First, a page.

Congratulations and thanks to all the Ethics Alarms readers who weighed in so thoughtfully on this story. Tex’s honor here is in part yours as well.

Here is his Comment of the Day on the post, Ethics Quiz: The Worst Grandmother of the Year:

Continue reading

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Filed under Animals, Childhood and children, Comment of the Day, Ethics Alarms Award Nominee, Law & Law Enforcement, Quizzes, Rights, U.S. Society

Ethics Quiz: The Worst Grandmother of the Year

hammer71-year-old Josephine Bell told police officers responding to a call at her home that she had warned her grandchildren that if they did not clean their rooms, she would take their pets away.  They didn’t, she said, so she killed the children’s cat and four kittens with a hammer. The oldest child found the dead cat in the freezer, and called the police.

Granny was charged with a felony count of aggravated cruelty to animals, and is in custody at Madison County Jail on $15,000 bond.

Your Ethics Alarms Ethics Quiz is…

What should be society’s response to conduct like this, and what should happen to Bell?

Continue reading

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Filed under Animals, Character, Childhood and children, Ethics Alarms Award Nominee, Law & Law Enforcement, U.S. Society

Of Course Declawing Cats Should Be Illegal. Do It, New York!

cat clawsA Washington Post article about a proposed bill in the New York legislator to make declawing cats illegal is headlined “Is Declawing Cruel To Cats?” A similar headline would be, “Is Pulling Their Teeth Out Cruel To Dogs?” Of course it’s cruel. Not only is the practice often painful for the animal, it takes away a cat’s primary means of self-defense. In some cases this literally drives cats crazy, making a secure, happy animal neurotic, fearful, and nasty.

Assembly Bill 1297 is the creation of New York state assembly member Linda Rosenthal (D), the same legislator who pushed through a law last year banning the tattooing or piercing of pets. She gets the ethical principle here: surgically altering animals for the owner’s amusement and convenience is wrong. “People often use their animals in very selfish ways,” she says. “This is mostly done because people care more about their furniture than about their cats.”

Exactly. If you don’t like cats, don’t get a cat. Declawing a cat is de-catting it. Maybe taking away a dog’s ability to bark is a better comparison.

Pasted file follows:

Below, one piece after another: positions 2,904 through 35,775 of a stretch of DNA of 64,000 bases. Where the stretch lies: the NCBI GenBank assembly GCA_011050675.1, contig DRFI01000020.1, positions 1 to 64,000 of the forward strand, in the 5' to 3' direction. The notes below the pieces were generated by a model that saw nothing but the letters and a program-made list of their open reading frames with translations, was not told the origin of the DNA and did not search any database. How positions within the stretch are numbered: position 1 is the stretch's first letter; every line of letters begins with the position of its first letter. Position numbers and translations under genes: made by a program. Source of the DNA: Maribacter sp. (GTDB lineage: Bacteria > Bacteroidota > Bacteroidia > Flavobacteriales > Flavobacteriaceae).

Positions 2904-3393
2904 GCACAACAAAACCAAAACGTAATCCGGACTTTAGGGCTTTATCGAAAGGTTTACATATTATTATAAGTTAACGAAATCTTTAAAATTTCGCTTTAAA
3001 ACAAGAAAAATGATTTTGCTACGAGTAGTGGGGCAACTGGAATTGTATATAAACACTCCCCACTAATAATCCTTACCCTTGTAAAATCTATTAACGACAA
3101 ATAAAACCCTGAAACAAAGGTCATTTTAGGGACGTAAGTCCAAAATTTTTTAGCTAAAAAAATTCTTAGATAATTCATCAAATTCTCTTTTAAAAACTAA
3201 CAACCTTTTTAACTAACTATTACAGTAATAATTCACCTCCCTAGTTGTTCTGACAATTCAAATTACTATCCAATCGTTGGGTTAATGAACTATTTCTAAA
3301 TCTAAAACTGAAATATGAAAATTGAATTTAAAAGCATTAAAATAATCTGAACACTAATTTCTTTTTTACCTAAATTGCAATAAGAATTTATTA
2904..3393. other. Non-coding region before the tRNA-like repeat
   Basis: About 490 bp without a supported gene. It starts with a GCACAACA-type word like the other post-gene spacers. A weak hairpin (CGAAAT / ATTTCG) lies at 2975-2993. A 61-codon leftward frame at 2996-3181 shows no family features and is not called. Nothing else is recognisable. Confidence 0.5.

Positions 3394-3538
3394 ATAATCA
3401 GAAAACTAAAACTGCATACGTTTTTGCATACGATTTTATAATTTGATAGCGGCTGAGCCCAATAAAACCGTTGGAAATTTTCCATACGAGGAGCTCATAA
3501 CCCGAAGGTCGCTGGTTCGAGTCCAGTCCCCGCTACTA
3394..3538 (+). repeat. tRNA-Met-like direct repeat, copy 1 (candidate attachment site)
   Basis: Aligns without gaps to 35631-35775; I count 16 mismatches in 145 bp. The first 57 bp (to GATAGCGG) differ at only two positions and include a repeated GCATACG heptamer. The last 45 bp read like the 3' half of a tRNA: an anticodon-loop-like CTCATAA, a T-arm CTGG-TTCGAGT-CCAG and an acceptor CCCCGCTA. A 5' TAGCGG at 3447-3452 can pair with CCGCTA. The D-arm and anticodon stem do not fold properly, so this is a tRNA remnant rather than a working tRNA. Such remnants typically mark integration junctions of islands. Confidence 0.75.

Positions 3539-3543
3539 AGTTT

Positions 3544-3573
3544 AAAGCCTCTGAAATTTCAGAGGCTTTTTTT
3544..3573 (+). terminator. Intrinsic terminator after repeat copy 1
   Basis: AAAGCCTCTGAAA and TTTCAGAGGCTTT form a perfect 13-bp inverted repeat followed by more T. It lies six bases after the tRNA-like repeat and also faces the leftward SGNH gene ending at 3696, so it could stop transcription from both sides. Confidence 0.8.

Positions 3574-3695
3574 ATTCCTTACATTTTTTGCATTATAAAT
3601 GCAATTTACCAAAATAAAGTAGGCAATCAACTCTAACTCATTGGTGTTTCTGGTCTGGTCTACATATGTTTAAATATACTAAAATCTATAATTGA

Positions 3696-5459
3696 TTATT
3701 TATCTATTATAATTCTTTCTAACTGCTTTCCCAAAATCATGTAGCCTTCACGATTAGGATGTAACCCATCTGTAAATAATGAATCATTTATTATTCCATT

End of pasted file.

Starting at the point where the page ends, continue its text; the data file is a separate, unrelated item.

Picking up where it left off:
To anticipate the inevitable questions: “Does this principle apply to neutering as well? ” and “Should it?” my answer today is “I have to think about it.”

Declawing, however, is an easy call.

Pass the law, New York.

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Filed under Animals

Atrocious People, Part I: The Dog Rescuer, Elantra Cunningham, And What To Do About Her

bad-apples1

Let me make the ultimate conclusion of this post immediate and prominent:

The dog rescuer, , is admirable and ethical in every way. , the irresponsible and ungrateful woman who placed the dog in peril and had Hammons arrested for rescuing it is unethical and shockingly lacking in civilized values.

Let us all henceforth regard them and treat them appropriately according to their conduct in this matter.

There.

Now the details.

22-year-old Elantra Cunningham, owner of both the dog and the car, insisted that a police officer arrest Hammons for trespass and destroying private property. “It was not an arrest made by the deputy’s own volition,” Chief Deputy Lee Weems explained. “The woman pressed charges for breaking out the window of the car, and the deputy did what he had to do.”

Animal control cited Elantra for leaving her dog in a hot vehicle. Hammons spent the night in jail.

Comments: Continue reading

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Filed under Animals, Character, Ethics Alarms Award Nominee, Law & Law Enforcement, U.S. Society

Now THAT Was Moral Luck…

"What the HELL do those idiots think they are doing with that poor kid???"

“What the HELL do those idiots think they are doing with that poor kid???”